The day of reckoning has come. Scores for the June LSAT have dropped, right before this weekend’s Independence Day festivities. We’re not sure if that’s a good thing (“Now I can stop waiting and enjoy my 4th of July weekend in peace!”) or a bad thing (“Thanks for ruining my weekend, LSAC!”), but whatever your perspective, June scores are here to stay. Now that we can talk a little more openly about the exam, let’s give it a closer look – including You-Know-What in that games section. But first, the curve:
170 – 88
160 – 72
150 – 55

With a raw score out of 101 questions, these numbers just about match the monster curve of the December 2013 LSAT, though a 170 required a -13 instead of a -14. A generous curve is no surprise, as many students reported this test to be a tough one. Let’s take a look at the sections.

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LSAC Releases 2014 June LSAT Scores: How’d You Do?

You might want to turn off the World Cup and check your email.

LSAC has just released the first batch of 2014 June LSAT scores. If you haven’t received yours yet, don’t panic. LSAC releases LSAT scores in random batches throughout the day. You might get yours at noon. You might get it at midnight. The important thing is, you’re getting it.

So, what stands out about the 2014 June LSAT?

First, let’s start with the curve. The 2014 June LSAT (101 questions) featured an LSAT curve of -13 — meaning you could miss 13 questions and still get a 170 LSAT score.

You could have missed 20 questions for a 165, -29 for a 160, or -46 for a 150.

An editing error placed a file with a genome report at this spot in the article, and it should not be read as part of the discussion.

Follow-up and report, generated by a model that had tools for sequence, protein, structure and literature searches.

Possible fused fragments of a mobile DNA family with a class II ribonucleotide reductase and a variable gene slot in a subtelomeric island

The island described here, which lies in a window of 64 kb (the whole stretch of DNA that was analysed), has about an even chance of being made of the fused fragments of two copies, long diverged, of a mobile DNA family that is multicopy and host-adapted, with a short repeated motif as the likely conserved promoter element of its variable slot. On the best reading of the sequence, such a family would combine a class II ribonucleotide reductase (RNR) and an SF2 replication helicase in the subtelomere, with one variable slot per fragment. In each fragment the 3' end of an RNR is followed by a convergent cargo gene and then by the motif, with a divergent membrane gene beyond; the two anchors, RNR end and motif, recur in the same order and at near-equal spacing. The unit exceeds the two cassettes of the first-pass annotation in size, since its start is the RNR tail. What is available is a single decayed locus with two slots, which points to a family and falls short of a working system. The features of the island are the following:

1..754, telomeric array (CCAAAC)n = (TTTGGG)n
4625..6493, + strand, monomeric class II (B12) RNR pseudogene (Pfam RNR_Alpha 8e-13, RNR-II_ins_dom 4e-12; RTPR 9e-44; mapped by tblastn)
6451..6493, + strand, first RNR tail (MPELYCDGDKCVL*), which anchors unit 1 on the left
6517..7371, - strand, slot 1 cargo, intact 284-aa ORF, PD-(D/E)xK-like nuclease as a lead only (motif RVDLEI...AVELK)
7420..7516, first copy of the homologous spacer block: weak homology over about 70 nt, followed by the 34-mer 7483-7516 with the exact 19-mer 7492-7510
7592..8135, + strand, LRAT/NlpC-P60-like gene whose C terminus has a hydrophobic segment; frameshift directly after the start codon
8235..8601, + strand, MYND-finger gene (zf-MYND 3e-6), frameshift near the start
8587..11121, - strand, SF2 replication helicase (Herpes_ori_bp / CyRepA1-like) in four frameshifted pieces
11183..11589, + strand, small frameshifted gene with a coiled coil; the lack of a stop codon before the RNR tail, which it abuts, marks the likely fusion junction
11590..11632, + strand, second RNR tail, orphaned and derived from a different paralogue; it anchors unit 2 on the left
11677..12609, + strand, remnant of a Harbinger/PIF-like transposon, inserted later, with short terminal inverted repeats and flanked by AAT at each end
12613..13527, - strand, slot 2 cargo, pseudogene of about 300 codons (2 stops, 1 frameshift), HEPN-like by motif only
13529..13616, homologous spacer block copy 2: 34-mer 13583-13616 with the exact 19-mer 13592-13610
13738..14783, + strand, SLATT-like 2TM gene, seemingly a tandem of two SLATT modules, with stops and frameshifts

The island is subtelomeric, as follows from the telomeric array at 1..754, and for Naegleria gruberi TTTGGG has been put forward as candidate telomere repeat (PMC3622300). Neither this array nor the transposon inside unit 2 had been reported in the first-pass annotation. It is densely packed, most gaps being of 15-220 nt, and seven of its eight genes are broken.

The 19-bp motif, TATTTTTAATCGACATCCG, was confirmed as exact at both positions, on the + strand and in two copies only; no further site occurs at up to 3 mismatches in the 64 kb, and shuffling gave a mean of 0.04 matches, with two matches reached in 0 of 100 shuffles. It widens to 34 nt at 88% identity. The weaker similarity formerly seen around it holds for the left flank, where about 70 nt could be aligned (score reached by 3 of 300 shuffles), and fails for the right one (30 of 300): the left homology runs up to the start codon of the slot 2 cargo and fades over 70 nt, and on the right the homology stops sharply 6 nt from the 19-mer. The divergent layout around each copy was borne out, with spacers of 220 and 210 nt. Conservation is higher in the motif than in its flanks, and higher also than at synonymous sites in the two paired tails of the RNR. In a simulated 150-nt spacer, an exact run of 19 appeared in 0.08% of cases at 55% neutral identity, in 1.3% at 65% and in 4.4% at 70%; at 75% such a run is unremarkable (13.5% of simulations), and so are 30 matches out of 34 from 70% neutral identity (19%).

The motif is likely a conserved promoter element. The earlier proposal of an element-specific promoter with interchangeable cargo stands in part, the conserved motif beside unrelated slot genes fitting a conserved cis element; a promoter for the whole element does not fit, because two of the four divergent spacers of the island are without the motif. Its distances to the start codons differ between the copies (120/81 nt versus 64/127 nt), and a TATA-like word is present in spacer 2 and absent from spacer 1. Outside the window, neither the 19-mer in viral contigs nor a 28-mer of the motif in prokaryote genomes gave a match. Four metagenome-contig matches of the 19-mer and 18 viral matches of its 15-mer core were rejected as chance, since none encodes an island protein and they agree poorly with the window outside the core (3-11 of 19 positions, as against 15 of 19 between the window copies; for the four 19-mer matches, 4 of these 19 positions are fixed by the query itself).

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2014 June LSAT Morning Cometh: Staying Positive, Patient

So after months of studying, practice tests and hard work, you’ve finally taken the 2014 June LSAT. This should be cause for celebration, but maybe you’re not in the most jovial mood. Maybe things didn’t go smoothly for you yesterday. Maybe you’re worried about your LSAT score. And then there was that damned Logic Game. (“What the flip was that, LSAC?!”)

We wouldn’t blame you if these thoughts were running through your mind today. But keep one thing in mind: you’re not the only one. Were you a bit shaky in section 1 yesterday because of the nerves? So were other people. Did you have a less-than-stellar proctoring experience? Chances are someone else’s was worse (read some of the comments from yesterday’s 2014 June LSAT Instant Recap!). And that brutal fourth Logic Game? Yep, join the club.

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2014 June LSAT Instant Recap: What Did You Think?

First off, congratulations on completing the 2014 June LSAT.

Secondly…what did you think?! In the comments below, chime in with your feelings about the June LSAT. How difficult did you find the exam? Which section(s) tripped you up? Which section(s) did you dominate? How distracting was your LSAT proctor?

We want to hear.

Just remember: All comments must be approved. Any posts that violate LSAC’s rules will be trashed. No discussing specific question/answer content or pinpointing experimental sections, got it? If your comment isn’t approved, it’s probably because you broke the rules.

OK, here’s the intel we’ve collected about the 2014 June LSAT so far:

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2014 February LSAT Blog Carnival

If you don’t count the comments section of our Instant Recap and Morning Cometh, there hasn’t been much chatter about the 2014 February LSAT. Unless you check the blogosphere.

Here are some of the best reactions from February LSAT test-takers themselves on their Tumblr pages:

-When you’re profile picture is Elle Woods, you know you’re going to have some things to say about the LSAT. Here’s LSAT Princess on how test day nerves got to her (complete with a .GIF!).

Banana Happyness felt joy while taking the 2014 February LSAT, but she’s pretty sure she’ll have to retake in June.

-Sometimes you worry about being late to your LSAT testing center. Sometimes vending machines accidentally give you a double order. Both happened to Inquisitive1.